top of page
  • forestheightsdenta

Bitten Lip - Understanding the Symptoms, Risks, and Treatments

Biting your lip can seem minor, but it can lead to more significant issues if not properly addressed. This comprehensive guide will explore the symptoms, risks, and effective treatments for infected bitten lips, ensuring you have all the information you need to promote healing and prevent further complications. Read on to find out answers to these questions lingering in your mind: “What to do when you bite your lip?” or “How long does a lip bite take to heal?”.

Bitten Lip – Symptoms and Risks

It's usually obvious when you bite your lip, but the injury's severity can vary. Here are some common symptoms and risks associated with a bitten lip:

Immediate Symptoms:

  • Sudden pain at the site of the bite

  • Local swelling

  • Bleeding

  • Redness

  • Sensitivity

Potential Complications:

  • Cuts or abrasions on the bit lip

  • Bumps or bruises

  • Canker sores (small, painful sores inside the mouth)

  • Mucocele (a fluid-filled bump caused by a blocked salivary gland)

While most bitten lips heal within a week or two, some cases can become more severe and require medical attention. If you experience any of the following, it's essential to seek professional help:

  • Deep or large wounds

  • Biting through the entire lip

  • Debris stuck in the wound

  • Worsening pain over time

  • Difficulty opening or closing your mouth

Treating a Bitten Lip

Prompt and proper treatment can promote faster healing and prevent infection. Here are some effective steps you can take to care for a bitten lip:

Clean and Dress the Wound:

  • Use an antiseptic mouthwash containing alcohol or a warm saltwater rinse (mix 1 teaspoon of salt in 8 oz. of water) to clean the wound.

  • Once cleaned, apply a small piece of gauze, tissue, or soft cloth between your lip and teeth to apply pressure and prevent further bleeding.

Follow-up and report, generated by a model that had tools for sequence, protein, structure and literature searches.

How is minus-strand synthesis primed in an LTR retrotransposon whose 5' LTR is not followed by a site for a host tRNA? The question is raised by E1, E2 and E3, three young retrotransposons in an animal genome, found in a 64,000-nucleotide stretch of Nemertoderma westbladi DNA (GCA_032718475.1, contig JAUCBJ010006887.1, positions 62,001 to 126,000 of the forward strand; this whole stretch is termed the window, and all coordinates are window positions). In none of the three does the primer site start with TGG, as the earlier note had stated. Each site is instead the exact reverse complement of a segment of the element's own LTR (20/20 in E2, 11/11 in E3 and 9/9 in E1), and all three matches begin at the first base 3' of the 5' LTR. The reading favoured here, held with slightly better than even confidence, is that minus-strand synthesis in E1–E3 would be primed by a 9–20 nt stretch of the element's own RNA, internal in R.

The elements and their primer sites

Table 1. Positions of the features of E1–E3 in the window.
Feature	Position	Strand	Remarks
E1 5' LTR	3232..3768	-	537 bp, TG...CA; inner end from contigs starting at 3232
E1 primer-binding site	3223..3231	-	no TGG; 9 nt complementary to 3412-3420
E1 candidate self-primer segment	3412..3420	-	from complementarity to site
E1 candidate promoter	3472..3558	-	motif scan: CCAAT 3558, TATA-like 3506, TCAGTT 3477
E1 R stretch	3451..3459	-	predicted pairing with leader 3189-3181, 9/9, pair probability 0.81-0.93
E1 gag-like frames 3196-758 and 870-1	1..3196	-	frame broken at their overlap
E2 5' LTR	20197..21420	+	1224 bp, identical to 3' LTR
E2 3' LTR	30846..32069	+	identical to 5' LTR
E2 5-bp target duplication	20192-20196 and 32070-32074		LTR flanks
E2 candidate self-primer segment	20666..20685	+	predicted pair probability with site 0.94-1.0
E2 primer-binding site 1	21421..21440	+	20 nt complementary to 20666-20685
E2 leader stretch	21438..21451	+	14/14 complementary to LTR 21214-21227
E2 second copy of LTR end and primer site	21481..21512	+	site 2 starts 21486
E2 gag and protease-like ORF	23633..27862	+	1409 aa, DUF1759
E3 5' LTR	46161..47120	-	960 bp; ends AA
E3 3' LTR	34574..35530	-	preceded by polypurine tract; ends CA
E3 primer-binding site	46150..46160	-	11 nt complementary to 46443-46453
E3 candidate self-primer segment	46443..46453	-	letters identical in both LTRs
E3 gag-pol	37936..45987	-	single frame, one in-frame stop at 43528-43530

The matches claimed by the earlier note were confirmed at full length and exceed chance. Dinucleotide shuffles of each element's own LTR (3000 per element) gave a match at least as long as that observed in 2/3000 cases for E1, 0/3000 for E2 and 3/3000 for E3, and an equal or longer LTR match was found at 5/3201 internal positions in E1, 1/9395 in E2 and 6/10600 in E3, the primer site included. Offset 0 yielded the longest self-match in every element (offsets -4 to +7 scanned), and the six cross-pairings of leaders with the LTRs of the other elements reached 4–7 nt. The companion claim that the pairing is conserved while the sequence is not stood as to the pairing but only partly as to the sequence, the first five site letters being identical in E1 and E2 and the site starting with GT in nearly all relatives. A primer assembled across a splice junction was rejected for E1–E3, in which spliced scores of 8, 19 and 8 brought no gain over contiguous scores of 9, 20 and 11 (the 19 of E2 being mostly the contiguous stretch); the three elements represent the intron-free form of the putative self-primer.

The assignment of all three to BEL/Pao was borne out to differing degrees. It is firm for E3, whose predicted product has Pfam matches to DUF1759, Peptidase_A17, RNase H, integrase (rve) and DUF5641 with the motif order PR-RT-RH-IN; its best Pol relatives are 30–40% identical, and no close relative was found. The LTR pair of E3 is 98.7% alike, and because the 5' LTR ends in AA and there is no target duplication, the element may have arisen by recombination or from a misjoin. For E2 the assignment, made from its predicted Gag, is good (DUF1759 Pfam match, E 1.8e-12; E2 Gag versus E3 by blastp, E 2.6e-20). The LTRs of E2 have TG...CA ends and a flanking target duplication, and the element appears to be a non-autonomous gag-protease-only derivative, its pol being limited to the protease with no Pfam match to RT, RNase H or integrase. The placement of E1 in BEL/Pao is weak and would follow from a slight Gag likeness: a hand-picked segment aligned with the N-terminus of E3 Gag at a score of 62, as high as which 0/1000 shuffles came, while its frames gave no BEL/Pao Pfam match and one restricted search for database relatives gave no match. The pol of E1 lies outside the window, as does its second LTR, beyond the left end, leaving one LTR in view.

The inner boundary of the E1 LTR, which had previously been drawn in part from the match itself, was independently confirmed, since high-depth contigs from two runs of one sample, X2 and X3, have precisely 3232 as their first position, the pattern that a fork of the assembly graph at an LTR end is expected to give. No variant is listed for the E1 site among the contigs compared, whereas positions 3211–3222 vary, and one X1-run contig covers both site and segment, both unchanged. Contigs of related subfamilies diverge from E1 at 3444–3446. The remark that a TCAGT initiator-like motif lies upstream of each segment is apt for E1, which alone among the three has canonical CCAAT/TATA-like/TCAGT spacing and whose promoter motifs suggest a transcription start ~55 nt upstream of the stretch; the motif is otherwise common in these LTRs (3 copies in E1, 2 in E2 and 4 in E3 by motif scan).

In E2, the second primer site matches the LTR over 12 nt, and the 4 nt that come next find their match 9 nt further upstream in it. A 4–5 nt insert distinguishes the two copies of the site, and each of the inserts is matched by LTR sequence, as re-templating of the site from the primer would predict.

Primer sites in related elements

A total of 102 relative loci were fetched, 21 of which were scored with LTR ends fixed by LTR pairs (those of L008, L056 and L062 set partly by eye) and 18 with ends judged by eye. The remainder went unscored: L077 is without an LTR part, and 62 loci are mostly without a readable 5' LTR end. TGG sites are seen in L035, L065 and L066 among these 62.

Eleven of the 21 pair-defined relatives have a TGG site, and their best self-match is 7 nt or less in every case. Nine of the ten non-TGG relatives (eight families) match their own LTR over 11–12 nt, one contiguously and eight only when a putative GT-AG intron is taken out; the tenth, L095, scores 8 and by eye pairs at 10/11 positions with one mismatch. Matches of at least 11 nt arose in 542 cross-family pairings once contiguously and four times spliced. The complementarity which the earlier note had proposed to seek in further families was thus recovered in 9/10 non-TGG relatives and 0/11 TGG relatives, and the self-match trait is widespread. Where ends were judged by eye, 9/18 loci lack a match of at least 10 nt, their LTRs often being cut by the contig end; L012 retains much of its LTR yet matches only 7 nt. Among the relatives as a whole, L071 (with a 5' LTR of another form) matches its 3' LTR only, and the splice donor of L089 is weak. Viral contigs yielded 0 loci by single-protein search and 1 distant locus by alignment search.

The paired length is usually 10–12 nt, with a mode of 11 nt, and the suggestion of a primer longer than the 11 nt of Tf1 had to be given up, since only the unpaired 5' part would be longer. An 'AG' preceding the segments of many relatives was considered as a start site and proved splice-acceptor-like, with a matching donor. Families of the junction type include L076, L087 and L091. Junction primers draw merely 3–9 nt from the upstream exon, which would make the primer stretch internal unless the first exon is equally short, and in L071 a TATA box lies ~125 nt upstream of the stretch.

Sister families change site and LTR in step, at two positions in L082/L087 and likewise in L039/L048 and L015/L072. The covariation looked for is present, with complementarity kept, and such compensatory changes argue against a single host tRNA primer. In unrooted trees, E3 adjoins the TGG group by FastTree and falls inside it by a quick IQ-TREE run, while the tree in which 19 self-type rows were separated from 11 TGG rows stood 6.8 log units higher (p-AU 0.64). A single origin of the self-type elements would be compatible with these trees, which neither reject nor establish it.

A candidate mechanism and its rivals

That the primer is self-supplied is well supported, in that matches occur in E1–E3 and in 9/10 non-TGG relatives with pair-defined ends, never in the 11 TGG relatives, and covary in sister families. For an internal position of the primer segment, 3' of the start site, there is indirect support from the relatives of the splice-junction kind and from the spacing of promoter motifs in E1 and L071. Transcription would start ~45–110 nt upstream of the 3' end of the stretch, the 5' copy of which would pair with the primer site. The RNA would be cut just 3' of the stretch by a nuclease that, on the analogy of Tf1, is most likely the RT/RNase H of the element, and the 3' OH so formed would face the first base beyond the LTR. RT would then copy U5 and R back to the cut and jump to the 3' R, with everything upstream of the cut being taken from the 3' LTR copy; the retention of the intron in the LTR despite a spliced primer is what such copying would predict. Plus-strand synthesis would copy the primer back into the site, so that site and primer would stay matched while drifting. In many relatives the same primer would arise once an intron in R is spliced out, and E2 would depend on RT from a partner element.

• If unable to dress the wound, clean it more frequently to keep it free from bacteria.

Apply a Cold Compress:

  • After the wound stops bleeding, apply a cold compress to your lip to reduce swelling and discomfort.

  • A swollen lip can be hazardous as it may lead to further biting and injury.

Over-the-Counter Pain Relief:

  • Non-steroidal anti-inflammatory drugs (NSAIDs) like ibuprofen, aspirin, or naproxen can help alleviate pain and discomfort.

  • If the cold compress provides relief, you can continue using it as needed.

Oral Anti-Septic Gel:

  • Using an over-the-counter oral anti-septic gel can help prevent infection and promote faster healing.

  • Avoid using Polysporin or similar products inside the mouth, as they are not safe for ingestion.

Bitten Cheek or Tongue

If you've bitten your cheek or tongue, the treatment approach is similar to a bitten lip. However, if you've bitten your cheek, it's essential to check for any broken teeth that may have caused the injury.

Canker Sores

Canker sores are small, uncomfortable bumps that can develop inside the mouth, often as a result of biting the inside of the lip or cheek. They may appear round or oval-shaped and can be red or white. While the exact cause is unknown, canker sores can be triggered by:

  • Mouth injuries (like biting the lip or cheek)

  • Viral infections

  • Stress

  • Vitamin or mineral deficiencies

  • Food allergies

  • Hormonal changes

The treatment methods for canker sores are similar to those used for bitten lips, including saltwater rinses, antiseptic mouth rinses, cold compresses, NSAIDs for pain relief, and topical oral pain medications applied directly to the sore.

Identifying the Causes of Lip Biting

While lip biting can often be accidental, several underlying factors may contribute to this habit:

  • Stress and Anxiety: Many people unconsciously bite their lips as a coping mechanism for stress or anxiety. This nervous habit can become ingrained and lead to chronic lip biting.

  • Dry Lips: Dry, cracked lips are more prone to being bitten, as the rough texture can be tempting to peel or bite off. Ensure you keep your lips moisturized with lip balm to prevent this.

  • Teeth Misalignment: If your teeth are not properly aligned, it can increase the likelihood of accidentally biting your lips during eating, speaking, or other activities.

  • Medications: Certain medications, such as those used to treat depression or anxiety, can cause dry mouth or increase the risk of lip biting as a side effect.

  • Nutritional Deficiencies: Deficiencies in certain vitamins and minerals, such as iron, zinc, or vitamins B and C, can weaken the skin and make it more susceptible to injury, including lip biting.

Identifying and addressing the underlying cause can help break the cycle of lip biting and prevent further injury.

Complications of Severe Lip Biting